The Baltic Times, TALLINN
By Kairi Kurm
Aug 23, 2001
Estonian President Lennart Meri unleashed another of his critical outbursts regarding the privatization of two large power plants in the eastern city of Narva by the U.S. company NRG Energy, on Aug. 17.
The U.S. Embassy in Tallinn responded to the statement sharply the same evening declaring that the government’s task was to fulfill the obligations taken.
In his statement to the leaders of the parliamentary factions in the president’s office in Kadriorg in the capital, Meri blamed the government for making huge mistakes in the privatization of the power plants and called on the factions to discuss the matter further. He also suggested the politicians involved in the privatization process resign their posts.
“It is the constitutional duty of the head of state to maintain the constitution of the Republic of Estonia and the national defense of the Republic of Estonia, including the defense of strategically important sectors of the economy,” Meri said.
The president said that the privatization is in conflict with the Energy Act enforced by the Parliament. The sale of a company with such a strategic value also requires the consent of the Parliament, he noted.
On Dec. 16, 1998, the Parliament demanded that the privatization of the power plants be presented to legislators for approval. The government has not done this.
The U.S. power company NRG Energy and the state power company Eesti Energia signed an agreement on the principal conditions of establishing a joint venture on the basis of the two power plants on Aug. 25, 2000. NRG Energy is negotiating with banks to find the best financing deal, which is likely to be signed in September.
The terms give NRG Energy a 49 percent stake in the state-owned Narva Power Plants, while 51 percent of the shares would remain in the hands of Eesti Energia, which would be required to buy electricity from the plants for the next 15 years.
In his statement the president pointed to a number of shortages that had to be discussed. He suggested to analyze whether the agreement was in accordance with the Rome, Maastricht and European treaties on open markets and competition, and with the government’s decision on the evaluation of the shares of Eesti Polevkivi, an oil shale mining company 51 percent owned by the Narva plants.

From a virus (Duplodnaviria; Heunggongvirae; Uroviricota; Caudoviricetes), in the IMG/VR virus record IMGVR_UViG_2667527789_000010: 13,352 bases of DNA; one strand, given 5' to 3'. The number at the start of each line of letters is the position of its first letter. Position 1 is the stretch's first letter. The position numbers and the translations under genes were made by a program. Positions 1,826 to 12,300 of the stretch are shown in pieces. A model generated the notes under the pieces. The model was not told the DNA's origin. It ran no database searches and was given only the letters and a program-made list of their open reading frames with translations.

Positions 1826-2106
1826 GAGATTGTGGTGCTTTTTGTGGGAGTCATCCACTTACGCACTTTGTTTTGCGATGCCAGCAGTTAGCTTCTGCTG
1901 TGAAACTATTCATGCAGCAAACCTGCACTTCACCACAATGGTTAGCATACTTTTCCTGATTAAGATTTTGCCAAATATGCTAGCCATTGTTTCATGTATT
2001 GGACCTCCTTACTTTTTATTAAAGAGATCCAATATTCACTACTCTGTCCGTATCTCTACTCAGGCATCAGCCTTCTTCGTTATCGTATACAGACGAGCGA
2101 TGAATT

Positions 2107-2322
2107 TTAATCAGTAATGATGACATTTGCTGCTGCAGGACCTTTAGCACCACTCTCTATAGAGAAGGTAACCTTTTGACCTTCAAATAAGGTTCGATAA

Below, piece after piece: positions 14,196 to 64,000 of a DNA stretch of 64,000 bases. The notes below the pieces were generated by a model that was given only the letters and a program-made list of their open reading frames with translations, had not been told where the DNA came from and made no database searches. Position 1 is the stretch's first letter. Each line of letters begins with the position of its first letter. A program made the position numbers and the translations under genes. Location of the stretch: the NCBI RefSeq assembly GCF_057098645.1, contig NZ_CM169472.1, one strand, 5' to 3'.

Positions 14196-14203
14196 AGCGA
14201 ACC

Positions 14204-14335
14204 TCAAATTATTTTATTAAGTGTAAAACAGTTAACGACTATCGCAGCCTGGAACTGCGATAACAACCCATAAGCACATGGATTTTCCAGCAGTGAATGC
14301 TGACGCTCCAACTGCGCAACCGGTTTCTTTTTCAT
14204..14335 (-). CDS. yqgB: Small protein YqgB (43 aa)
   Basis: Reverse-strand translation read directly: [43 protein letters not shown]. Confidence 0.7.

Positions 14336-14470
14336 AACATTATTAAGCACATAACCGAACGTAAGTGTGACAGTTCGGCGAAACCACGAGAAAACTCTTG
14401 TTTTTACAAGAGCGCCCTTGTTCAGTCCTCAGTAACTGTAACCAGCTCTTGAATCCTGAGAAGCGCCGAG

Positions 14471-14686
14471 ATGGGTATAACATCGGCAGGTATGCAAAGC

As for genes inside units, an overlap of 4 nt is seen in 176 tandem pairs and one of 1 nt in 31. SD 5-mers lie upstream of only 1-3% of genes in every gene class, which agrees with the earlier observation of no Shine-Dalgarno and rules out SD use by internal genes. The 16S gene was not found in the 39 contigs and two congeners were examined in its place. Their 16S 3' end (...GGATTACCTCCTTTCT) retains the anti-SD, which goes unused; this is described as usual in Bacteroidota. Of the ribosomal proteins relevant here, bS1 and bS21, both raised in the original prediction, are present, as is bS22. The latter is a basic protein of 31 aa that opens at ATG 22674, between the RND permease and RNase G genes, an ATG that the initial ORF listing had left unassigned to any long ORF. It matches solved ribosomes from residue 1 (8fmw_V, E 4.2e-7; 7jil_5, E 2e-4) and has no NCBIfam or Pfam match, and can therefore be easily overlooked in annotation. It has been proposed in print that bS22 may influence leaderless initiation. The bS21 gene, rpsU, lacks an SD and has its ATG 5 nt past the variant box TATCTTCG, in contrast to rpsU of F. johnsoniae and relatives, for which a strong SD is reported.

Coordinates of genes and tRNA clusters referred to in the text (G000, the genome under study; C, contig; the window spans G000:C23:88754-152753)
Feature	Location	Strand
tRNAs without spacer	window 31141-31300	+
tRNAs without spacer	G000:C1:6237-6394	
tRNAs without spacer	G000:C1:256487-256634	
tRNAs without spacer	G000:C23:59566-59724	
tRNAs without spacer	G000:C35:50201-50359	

After the privatization, this stake would go to NRG Energy, which still has to pay an extra 500 million kroons ($3 million) for it.
Meri suggested to find an answer as to whether the privatization agreement would separate the operating and transmission frequency of the Estonian power system from the control center in Moscow.
The president warned that a solution must be found for the utilization of the ashes from fluidized bed boilers, which – unlike the current flying ashes – may severely pollute the Narva River and the Gulf of Finland.
The government discussed President Meri’s demand to reconsider the privatization with representatives from the utility company Eesti Energia and the Academy of Sciences on Aug. 21. On Aug. 22 the government stated that the sale of 49 percent of Narva power stations is in line with the desired development course of Estonian power engineering.
An extraordinary parliamentary session to discuss the issue has been called for Aug. 23. The last session on this matter, called on the opposition’s demands in July 2001, failed because most of the ruling coalition’s members were not in attendance.
Andres Herkel, vice chairman of the Pro Patria Union, which leads the ruling coalition, said that his party was planning to participate in the extra session on Aug. 23, because the topic needed to be discussed openly. “We are of the opinion that the power plants have to be privatized,” said Herkel. “All of the questions raised have to be solved. We suggest the government set a date for further discussions.”
Heikki Talving, a spokesman for the Moderates, another coalition party, said that he was expecting a speech from Prime Minister Mart Laar next week on topics regarding the privatization, its risks, and what would happen if the power plants remained state-owned.
Edgar Savisaar, head of the opposition Center Party, said that his party and the People’s Union party, the second largest opposition group, had been against the privatization plan from the start. He invited academics who have protested against the power plants’ sell-off in the past to participate in the coming session.
The opposition wants to know why it is necessary to sell the power plants and how profitable it will be for the state. It is also demanding that the contracts with NRG Energy and the privatization adviser be made public.
According to the president, it is illegal to privatize in secret the branch of industry that has the greatest strategic value in Estonia. “I consider it self-evident that all the members of the Riigikogu (Parliament) will have the possibility, in a closed session if necessary, to be introduced to all the details of the agreements and, if necessary, to invite oil shale power experts to the session,” said Meri.
U.S. Ambassador Melissa Wells told The Baltic Times that the U.S. government was watching the privatization process carefully. “Washington called the U.S. Embassy in Estonia on Friday (Aug. 17) and declared that the United States was distressed about the statement,” said Wells. “It is our custom to support U.S. interests abroad. We are talking about a great investment here.”
How would the embassy react if the Parliament halted the privatization process? “I don’t know. We have a large delegation of U.S. congressmen coming to Estonia this weekend. We’ll see how they take it,” she said.